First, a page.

Google has never really made it a priority to give Android a desktop syncing and management client like iTunes is for the iPhone. For the most part, it hasn't been missed that much. Google can perform cloud-based backups of app data, contacts, email, photos, music, and just about everything else you might need. If you use all of its services, of course. Moborobo, on the other hand, is a beautiful client that does all of that and more right from your desktop.
An Android phone is like a Leatherman Tool. It does a lot of things - without a doubt, a triumph of function over form. Android is the world's most versatile mobile operating system, the most tweakable, the most adaptable, and the most fully-featured. It just does more than any other comparable product out there. But if Android is a Leatherman, the iPhone is the basic Swiss Army Knife - compact, simple, iconic, and good enough for the vast majority of people, even if it does do a little less.
To say that literally every person on the entire planet is playing Draw Something right now would be an understatement. So, when OMGPOP updates its beloved drawing game, we take notice. Now, users are able to comment on drawings, undo their last line, and can use the now-familiar "Pull down to refresh" gesture to update their list of current games. Great!
The features make the already-popular game even easier to use.
Google TV still exists. It's important to be reminded once in a while because, while Google TV promised to be our deliverer from the evil world of crappy cable box interfaces, so far the company has yet to deliver. Today's update to the TV & Movies app, though, is a step in the right direction. For starters, Google has finally done what we've all wanted since there were more than three channels: now you can see what shows are on just your favorite channels on a single screen.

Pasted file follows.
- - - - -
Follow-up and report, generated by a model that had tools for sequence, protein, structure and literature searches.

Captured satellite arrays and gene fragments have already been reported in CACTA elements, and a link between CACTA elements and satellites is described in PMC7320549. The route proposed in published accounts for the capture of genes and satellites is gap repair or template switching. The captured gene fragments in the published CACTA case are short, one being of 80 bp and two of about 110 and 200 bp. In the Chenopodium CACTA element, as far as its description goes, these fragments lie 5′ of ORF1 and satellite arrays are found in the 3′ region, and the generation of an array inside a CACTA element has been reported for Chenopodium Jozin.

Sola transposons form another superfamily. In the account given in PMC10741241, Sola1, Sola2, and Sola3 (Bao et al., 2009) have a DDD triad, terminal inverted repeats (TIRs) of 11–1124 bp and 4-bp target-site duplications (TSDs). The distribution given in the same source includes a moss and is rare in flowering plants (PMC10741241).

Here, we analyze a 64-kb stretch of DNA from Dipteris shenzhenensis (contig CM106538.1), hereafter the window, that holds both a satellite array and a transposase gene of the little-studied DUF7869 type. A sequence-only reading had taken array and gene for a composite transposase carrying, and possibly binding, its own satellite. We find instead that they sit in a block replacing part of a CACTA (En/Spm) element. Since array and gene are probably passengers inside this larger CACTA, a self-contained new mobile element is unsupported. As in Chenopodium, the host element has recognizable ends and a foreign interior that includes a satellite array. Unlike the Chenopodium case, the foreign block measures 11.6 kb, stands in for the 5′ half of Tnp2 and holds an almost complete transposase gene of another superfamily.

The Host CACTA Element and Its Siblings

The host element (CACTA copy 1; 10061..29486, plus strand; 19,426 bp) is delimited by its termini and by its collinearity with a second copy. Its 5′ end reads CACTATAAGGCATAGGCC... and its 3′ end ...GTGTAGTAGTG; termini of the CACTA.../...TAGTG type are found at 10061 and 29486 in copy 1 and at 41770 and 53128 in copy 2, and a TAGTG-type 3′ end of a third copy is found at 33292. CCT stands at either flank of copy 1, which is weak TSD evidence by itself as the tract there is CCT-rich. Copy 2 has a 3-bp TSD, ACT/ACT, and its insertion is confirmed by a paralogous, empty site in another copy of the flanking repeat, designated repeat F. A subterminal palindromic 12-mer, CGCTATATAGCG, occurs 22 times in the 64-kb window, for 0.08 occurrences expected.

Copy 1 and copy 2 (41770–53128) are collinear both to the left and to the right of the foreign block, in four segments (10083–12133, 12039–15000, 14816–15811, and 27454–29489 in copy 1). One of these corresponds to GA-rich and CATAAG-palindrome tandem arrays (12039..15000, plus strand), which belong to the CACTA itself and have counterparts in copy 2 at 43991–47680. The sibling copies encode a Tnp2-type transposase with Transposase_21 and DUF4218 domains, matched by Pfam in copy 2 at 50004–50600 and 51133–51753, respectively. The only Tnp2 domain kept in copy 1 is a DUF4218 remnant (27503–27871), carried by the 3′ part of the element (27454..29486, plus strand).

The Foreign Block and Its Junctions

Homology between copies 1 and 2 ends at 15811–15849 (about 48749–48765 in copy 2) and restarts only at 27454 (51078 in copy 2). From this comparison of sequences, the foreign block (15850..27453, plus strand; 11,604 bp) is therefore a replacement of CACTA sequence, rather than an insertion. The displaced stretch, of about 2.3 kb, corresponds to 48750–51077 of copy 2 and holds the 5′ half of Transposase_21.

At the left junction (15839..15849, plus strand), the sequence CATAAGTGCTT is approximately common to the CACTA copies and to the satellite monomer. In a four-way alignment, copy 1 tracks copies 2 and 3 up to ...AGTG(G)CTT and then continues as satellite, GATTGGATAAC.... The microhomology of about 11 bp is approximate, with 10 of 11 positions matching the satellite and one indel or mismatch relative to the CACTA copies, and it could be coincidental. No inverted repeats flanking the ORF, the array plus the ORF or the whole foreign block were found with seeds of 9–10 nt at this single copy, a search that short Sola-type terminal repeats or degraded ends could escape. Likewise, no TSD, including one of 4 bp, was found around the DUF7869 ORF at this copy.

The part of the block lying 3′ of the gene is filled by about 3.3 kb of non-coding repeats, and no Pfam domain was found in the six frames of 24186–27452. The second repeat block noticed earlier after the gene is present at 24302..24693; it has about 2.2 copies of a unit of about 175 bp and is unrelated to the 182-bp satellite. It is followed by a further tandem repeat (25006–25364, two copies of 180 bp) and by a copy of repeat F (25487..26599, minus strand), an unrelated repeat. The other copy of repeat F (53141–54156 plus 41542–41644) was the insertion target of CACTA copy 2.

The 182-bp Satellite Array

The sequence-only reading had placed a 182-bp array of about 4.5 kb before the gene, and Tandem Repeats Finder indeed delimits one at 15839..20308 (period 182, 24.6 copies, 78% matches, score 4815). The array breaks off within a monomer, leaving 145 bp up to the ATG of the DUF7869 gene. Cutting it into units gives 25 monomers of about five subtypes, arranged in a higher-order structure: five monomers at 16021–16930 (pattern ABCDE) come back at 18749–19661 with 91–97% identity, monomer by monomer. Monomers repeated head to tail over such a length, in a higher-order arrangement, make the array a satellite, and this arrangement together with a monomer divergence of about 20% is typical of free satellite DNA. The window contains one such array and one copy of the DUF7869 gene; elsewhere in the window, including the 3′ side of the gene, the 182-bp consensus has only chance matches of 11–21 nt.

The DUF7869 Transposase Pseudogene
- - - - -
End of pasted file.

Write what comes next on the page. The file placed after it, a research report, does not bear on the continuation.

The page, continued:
As an Android developer, I like to keep tabs on the tools I use every day, especially ones as important as ADT for Eclipse and SDK Tools. As was the case several times before, the Android team in charge of both of them posted previews of upcoming releases of ADT 20 and SDK Tools r20, available for manual download ahead of the final releases.
Yup, you heard me correctly - 20, not 18 or 19.
Looks like the RAZR Twins aren't the only ones set to get an OTA from Big Red - a changelog just hit the support docs page for the Droid 4 that outlines a small bug fix/enhancement update for the fourth-generation slider:
If you just can't wait to get some update action on your device, Droid-Life already has the 18MB update available for download. Since it's an official build, it will break root, but rumor has it that Voodoo Rootkeeper is letting users keep root access once the update is finished.
Calling a support line sucks. You're already in a bad situation, or why would you be calling in the first place? As Google demonstrated with its support of the Nexus One, though, the only thing worse than calling a support line is not having one at all. Thankfully, Google now has a phone-based support system that lets users talk to a real person 24/7 about problems with the Play Store. Like most things Google, it's actually a pretty interesting take on the old tech.
All manufacturers want to make sure that apps work properly on their devices. Of course, the best way to make sure an app works on any given phone is to actually test the app on the device in question. For developers, though, that could cost a substantial amount of money - just think about how many Android devices are out there at the moment.
As an answer to this quandary, though, Sony has come up with a unique plan to allow developers to borrow Xperia devices.
If you've entered two of these contests already and you're still naked from the waist up, here's your last chance. As before, we're giving away ten obviously-fanboyish shirts. Today's is the widely-loved Nom shirt. If you're just too famished and need those noms right now, you can use coupon code "ANDROIDPOLICE" (no quotes) to get this shirt for $7.99, or five bucks off.
- Scott Benson
- Mer T.